This case demonstrates a blind technique used for subclavian central line placement when imaging is not available. It was performed in Honduras on a surgical mission with the World Surgical Foundation in a resource-poor environment.
Main text coming soon.
Table of Contents
This is a different technique for central line placement. She's got a different method than what you've learned. The bevel of the needle - it's indicated to be the same position as that bevel in the green piece of the needle, the cannula. So we tested the wire. Right, you should make sure that that goes anteriorly because the bevel is up. And if she rotates it, then it will follow it down. Now this is a technique that I - has maybe changed now from when I was a resident. This is different from what I was taught. What you learned? Okay. Yeah.
So, watch this. It goes at the junction. And you're aspirating the entire way? Yeah, that's what it's doing. Yep. So she's stabilizing the clavicle and scraping beneath it, yeah? There, you found it. Yeah.
And then you thread the wire. It should, the… You guys have…
Take the needle out, then you insert the cannula. Pressure immediately beneath the clavicle so that it doesn't bleed. And then we're putting in the dilator? Yes, that's what she's doing. And then she's make a nick on the skin. Make a small incision in the skin to pass the dilator. Removing the dilator, placing pressure back over the wire in the incision.
Okay, so when you're passing the catheter you want to be sure that there's no aberrant electrical activity from the heart. We don't have fluoroscopy to see it, so we're not actually visualizing what we're seeing. So, extremely important to notice what's going on with the cardiac rhythm. The wire is out. And then you can advance the catheter. 6 cm from the sternal angle.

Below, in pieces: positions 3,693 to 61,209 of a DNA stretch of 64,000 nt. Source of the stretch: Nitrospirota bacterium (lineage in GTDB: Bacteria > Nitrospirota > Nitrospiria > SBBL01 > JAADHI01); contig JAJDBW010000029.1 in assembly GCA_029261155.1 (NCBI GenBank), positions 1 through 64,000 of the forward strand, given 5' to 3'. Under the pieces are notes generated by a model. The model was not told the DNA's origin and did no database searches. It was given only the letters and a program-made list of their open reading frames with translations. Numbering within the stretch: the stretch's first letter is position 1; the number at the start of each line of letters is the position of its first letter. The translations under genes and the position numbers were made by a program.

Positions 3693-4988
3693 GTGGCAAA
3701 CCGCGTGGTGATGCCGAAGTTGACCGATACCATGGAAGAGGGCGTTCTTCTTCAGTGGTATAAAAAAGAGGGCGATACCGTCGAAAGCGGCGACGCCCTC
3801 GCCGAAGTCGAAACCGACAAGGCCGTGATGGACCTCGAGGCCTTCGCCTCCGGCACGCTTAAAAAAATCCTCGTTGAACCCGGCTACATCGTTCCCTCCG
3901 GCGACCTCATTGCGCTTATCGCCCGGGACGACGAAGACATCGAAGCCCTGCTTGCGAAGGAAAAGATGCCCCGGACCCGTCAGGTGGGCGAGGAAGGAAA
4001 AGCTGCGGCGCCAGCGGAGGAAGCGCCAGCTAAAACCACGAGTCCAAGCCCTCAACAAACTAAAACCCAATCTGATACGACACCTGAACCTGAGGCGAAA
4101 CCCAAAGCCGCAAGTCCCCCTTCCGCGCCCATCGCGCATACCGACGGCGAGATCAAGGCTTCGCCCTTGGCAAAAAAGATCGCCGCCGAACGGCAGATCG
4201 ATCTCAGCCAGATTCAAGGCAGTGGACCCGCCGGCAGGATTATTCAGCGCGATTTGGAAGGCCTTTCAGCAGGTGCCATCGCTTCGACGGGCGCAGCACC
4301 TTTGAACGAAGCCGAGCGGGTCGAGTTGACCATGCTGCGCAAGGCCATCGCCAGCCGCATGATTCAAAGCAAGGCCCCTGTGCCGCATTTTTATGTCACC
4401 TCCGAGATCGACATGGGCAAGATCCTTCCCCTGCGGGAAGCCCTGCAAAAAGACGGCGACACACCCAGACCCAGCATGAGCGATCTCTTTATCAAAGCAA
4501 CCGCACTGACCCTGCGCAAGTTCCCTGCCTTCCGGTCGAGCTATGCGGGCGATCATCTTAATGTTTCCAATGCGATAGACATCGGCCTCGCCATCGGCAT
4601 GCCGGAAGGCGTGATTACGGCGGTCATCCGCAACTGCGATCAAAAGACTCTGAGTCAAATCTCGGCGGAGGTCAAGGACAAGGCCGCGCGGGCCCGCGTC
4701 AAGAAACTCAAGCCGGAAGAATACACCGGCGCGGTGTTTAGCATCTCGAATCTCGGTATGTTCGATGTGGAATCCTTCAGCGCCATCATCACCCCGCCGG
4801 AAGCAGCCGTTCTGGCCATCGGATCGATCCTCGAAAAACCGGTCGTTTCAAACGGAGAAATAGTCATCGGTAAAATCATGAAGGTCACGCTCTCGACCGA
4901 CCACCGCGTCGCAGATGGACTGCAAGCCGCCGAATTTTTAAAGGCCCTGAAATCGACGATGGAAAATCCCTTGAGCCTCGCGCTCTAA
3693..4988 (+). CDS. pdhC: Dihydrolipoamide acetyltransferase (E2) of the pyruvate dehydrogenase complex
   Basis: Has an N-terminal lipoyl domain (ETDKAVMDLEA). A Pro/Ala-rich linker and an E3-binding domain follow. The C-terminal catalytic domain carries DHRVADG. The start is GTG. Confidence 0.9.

She's flushing each line to be sure that it withdraws and you can push forward. This is slick. Aspirates, sorry, thank you - yeah, flush - I've never seen it that way. You learn from her. So she feeds the wire back into the - guide from which it came. These are the three lumens - antibiotics, IV, and a heart bpm. Mmm. She is very efficient. Mmm. No huss, no fuss, no muss, no fuss.
She's really slick. So if you want to be good, learn from her. She's really slick in doing central line. I've never seen anybody so slick than her. Yeah. See, all her movements are all purposeful here. There's reason for every movement. I told you, it's not the speed, it's based upon quality of motion. Mm hmm. And every motion she has has quality, there's a reason for it. No wasted motion. That makes you a good surgeon. Mmm. You see all the fuss we do in the States? Mm hmm. Big fuss, for nothing. Mm hmm. We waste so much time, we waste too much technology, we waste a lot of money. Mmm. That's not necessary. For a simple thing like that. That should be simple. Right. Mm hmm. So you've got to learn from her how to do it that way. This is amazing. This is really slick. Yeah, if you're feeling it. Yeah, sure. So if we can teach our staff how to do it this way, we could save a lot of trouble in the United States. Okay. What you saw, you won't see it anywhere. You can go to any medical center, medical school right now, you won't see that. True, true. So this method that she showed to us is her technique. Si, she says it's a... Because I've not seen - I've not seen that method before - what she's showing you. And it's a gutsy technique, all right? It's blind, but it's safe because she's done it many times. Mm-hmm. She says it's a combination of techniques that she's acquired over the years. Right. So the dressing involves a large Tegaderm cut in half placed over the site. And then she puts the other half to stabilize the three lines. Okay. Gracias.